Wednesday, October 25, 2006

Into the valley...

We've had a couple of days off as it is half term. Yesterday, we went up to Lightwater Valley, near Ripon. It describes itself as the ultimate family day out but what what you get in amongst a couple of gems is a selection of moderately clapped out fairground rides and fast food that arguably contravenes the Trades description Act (as far as the word fast applies).

The oddest ride there is something called Toad Hole which is a sort of watersplash from inside a cave down into a pond below on a rope tethered carriage. It wasn't working yesterday though...

My favourite ride of the day was the Twister, a spinning wild mouse style ride very similar to the one on the end of the South Pier at Blackpool and which was bought new a couple of years back. Their headline ride is called the Ultimate and is a very long coaster that used to be the longest in the world. It looks like a Woodie with two large wooden lift hills but is actually of steel construction. The lift hills are excruciatingly slow, particularly the 2mph chug round the top of the second hill. It then enters a very fast undulating run curving & banking fiercely through trees , swooping through two tunnels and giving you a good bone rattle until eventually sauntering back into the station some seven minutes or so after you set off. Consequently the throughput on the ride is very poor, with only six trains an hour and some of the back seats not available/water ballasted yesterday (apparently due to the lap bars being faulty). The ride didn't open until mid-day (we queued from 11:55 and boarded at 12:28). It had what looked like 40 minute queues every time we walked past the station so we couldn't be bothered to ride a second time. They can run two trains but the crew would have to work twice as hard and why should they bother? They have your gate money already...

They have an in-the-dark coaster called the Sewer Rat that has a particularly well themed entrance route where you walk through sewer pipes and down rusty stairs surrounded by the sound (& sight) of rushing water. The Coaster itself is rather mediocre and would look particularly unimpressive with the lights on in its underground bunker but the inability to tell what is about to happen next does bring the element of surprise when you suddenly find yourself dropping like a stone.

They were promoting a ride called the skyrider as being new for 2006. It is a giant swing ride where the chained seats spin as the central support rises then it swoops as the upper structure tilts and counter-rotates. I'm sure the ride itself isn't new and was there last time we visited. What is new is the theming- it has been painted with musical motifs and the control hut is covered in Feux posters for Rock groups. Previous to this there was another swing ride which was much bigger but somewhat simpler, not having the swoop motion. What it did have, however, was an enormous moon-like structure which counter-rotated so that it looked interesting. It was all painted green and there were a couple of rectangular hatches missing on the surface of the moon to give it that uniquely British look of negligence.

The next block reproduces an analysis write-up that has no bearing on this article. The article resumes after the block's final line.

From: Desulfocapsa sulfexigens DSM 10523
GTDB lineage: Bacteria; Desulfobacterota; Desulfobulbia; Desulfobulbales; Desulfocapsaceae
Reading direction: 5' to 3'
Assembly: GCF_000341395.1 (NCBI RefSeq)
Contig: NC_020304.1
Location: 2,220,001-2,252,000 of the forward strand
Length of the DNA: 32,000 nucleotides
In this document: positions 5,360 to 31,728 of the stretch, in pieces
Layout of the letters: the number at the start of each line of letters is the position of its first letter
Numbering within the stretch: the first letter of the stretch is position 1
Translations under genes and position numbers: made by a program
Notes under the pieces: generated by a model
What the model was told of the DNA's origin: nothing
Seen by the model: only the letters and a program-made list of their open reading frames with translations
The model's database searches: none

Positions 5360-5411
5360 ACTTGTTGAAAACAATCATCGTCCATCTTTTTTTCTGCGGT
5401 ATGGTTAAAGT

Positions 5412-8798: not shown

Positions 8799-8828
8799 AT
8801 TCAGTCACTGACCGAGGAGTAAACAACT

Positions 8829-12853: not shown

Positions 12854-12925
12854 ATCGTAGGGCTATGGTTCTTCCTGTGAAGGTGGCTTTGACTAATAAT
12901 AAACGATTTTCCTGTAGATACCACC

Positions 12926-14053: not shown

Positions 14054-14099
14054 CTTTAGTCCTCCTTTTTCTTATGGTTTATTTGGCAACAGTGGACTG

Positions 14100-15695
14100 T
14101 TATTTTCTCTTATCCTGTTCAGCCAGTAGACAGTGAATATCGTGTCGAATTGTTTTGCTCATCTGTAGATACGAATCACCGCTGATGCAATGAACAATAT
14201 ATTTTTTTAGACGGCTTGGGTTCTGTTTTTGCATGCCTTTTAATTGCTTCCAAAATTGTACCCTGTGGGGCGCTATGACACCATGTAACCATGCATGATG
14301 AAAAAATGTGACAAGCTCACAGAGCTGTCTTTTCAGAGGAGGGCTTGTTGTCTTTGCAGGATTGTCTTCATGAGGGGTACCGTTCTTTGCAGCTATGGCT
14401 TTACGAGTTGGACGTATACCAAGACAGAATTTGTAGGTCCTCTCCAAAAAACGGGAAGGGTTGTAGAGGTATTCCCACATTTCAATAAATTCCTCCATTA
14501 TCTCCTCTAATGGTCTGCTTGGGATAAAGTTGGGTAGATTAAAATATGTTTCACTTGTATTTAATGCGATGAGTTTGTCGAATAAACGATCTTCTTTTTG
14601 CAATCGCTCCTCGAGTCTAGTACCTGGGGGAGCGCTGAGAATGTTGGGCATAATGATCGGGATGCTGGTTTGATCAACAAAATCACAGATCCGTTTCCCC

A large yellow swing ride looked interesting- the Eagles's Claw. This was a circle of 24 inward facing seats on the end of a pendulum, a smaller version of Drayton Manor's Maelstrom and apparently an earlier design. Regrettably, I was too big to ride, but David got a go (and didn't like it as he didn't realise why I couldn't).

Is it worth a trip there? Yes, if you don't go with high expectations of it being Disneyland or a major league Uk theme park. Also, be on the lookout for discount vouchers, we managed to get in for £5.95 each with a coupon out of the Manchester Evening News that a Gran had supplied. Don't bother if it is raining though, most of the park is out of doors and the grass was very squelchy. The shops are worth a look at the exit (which can be visited without having to enter the park) and the home made fudge in the courtyard gift shop is sensationally sticky!

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